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NMPF Works for Success in U.S.-Kenya Agreement, Fights for Common Food Names

May 1, 2020

NMPF and the U.S. Dairy Export Council (USDEC) submitted comments to the U.S. Trade Representative (USTR) on April 28 outlining dairy’s trade priorities as the Administration moves forward with its intention to negotiate a free trade agreement (FTA) with Kenya.

A strong FTA with Kenya will open new doors for the dairy industry. Kenya is a developing middle-income economy and a population growth rate nearly twice the global average. While Kenya imported nearly $50 million of dairy products from the world in 2019, U.S. dairy exports have been discouraged from entering this market due to high tariff rates and burdensome certification requirements.

Successful negotiations to remove these tariff and nontariff barriers will deliver tangible benefits for U.S. dairy farmers and manufacturers. Perhaps more importantly, it will set a critical precedent and lay the groundwork for such dairy provisions to become the guidelines for any future negotiations with African nations.

The comments submitted by NMPF and USDEC outline specific priorities that, if achieved, would constitute a successful FTA: namely, the removal of high tariff rates and nontariff barriers for dairy products, strong sanitary and phytosanitary standards, and concrete safeguards for common food names.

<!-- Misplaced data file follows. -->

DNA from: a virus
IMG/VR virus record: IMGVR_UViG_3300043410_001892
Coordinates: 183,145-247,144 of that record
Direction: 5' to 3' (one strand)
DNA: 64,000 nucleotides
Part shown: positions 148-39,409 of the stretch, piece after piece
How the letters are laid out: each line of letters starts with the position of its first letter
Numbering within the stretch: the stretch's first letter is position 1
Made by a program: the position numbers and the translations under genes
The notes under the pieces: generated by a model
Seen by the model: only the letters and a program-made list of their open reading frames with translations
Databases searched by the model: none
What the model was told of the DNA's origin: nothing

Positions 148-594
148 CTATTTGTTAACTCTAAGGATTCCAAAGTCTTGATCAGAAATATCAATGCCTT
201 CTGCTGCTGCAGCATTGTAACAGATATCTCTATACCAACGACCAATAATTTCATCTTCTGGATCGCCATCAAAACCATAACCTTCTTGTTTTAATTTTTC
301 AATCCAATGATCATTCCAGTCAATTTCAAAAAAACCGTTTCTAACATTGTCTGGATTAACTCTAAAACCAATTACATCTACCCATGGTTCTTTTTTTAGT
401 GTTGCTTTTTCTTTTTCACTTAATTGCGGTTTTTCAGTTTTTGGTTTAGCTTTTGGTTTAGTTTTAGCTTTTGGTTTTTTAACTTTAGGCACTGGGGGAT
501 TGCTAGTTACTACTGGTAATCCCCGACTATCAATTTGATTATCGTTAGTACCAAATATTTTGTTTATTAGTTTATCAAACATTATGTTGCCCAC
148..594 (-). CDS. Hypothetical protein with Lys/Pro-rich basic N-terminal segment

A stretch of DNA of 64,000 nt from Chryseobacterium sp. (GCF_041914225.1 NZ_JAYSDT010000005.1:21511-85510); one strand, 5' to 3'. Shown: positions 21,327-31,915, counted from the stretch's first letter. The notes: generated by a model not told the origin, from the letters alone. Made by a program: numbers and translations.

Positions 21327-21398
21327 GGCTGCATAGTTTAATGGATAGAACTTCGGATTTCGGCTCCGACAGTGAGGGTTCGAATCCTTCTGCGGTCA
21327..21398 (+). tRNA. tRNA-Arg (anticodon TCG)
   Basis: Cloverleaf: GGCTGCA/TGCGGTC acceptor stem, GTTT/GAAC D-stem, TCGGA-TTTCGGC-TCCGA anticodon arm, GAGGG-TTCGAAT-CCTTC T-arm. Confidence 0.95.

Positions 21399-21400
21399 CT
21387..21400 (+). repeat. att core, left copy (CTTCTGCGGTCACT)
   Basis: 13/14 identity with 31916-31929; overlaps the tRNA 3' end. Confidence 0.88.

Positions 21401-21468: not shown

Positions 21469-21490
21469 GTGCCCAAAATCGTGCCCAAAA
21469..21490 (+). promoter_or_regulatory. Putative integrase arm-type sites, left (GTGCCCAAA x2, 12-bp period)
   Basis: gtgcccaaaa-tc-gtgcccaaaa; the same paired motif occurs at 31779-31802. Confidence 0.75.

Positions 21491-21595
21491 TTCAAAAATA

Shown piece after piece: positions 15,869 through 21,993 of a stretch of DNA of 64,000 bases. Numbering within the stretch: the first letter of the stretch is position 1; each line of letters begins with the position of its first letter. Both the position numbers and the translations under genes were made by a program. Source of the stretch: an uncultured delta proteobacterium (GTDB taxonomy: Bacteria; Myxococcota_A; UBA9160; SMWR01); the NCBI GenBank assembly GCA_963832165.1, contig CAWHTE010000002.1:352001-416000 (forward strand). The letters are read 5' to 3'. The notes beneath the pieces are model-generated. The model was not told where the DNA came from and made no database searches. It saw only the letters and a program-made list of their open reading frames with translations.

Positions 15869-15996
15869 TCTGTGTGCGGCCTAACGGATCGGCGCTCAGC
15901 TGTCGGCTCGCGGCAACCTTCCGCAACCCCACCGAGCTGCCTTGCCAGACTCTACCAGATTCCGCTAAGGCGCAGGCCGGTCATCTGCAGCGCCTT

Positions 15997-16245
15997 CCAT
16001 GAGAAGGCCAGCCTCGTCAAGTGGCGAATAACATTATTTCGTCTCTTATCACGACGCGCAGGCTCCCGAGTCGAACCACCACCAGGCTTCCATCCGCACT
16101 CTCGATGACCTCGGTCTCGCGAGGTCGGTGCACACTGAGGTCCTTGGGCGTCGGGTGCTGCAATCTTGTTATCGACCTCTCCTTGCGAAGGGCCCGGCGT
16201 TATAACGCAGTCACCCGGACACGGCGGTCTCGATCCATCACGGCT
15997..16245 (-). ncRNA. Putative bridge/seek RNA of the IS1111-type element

Slowing the EU on Food Names

NMPF and USDEC also are encouraging USTR to incorporate and build upon the advances made in the U.S.-Mexico-Canada agreement to slow predatory European Union policies that erect de facto prohibitions on the import of many non-EU products into third-party countries. This includes barriers that undermine market access rights of U.S. dairy products labeled with terms such as “parmesan,” “asiago,” “feta,” “romano” or “gorgonzola.” These technical barriers to trade must not be tolerated.

NMPF was encouraged in that effort by USTR’s firm rebuke of EU dairy trade policies in its annual U.S. Special 301 Report released April 29. “Rather than trying to compete on a level playing field, Europe has tried to effectively institute a blockade of U.S. dairy,” Jim Mulhern, president and CEO of NMPF, said in a statement responding to the report. “This is unacceptable and harms America’s dairy industry and the rural communities our farmers and processors support.”

NMPF is committed to making dairy’s voice heard and will conduct follow-up outreach to U.S. negotiators regarding the dairy industry’s priorities.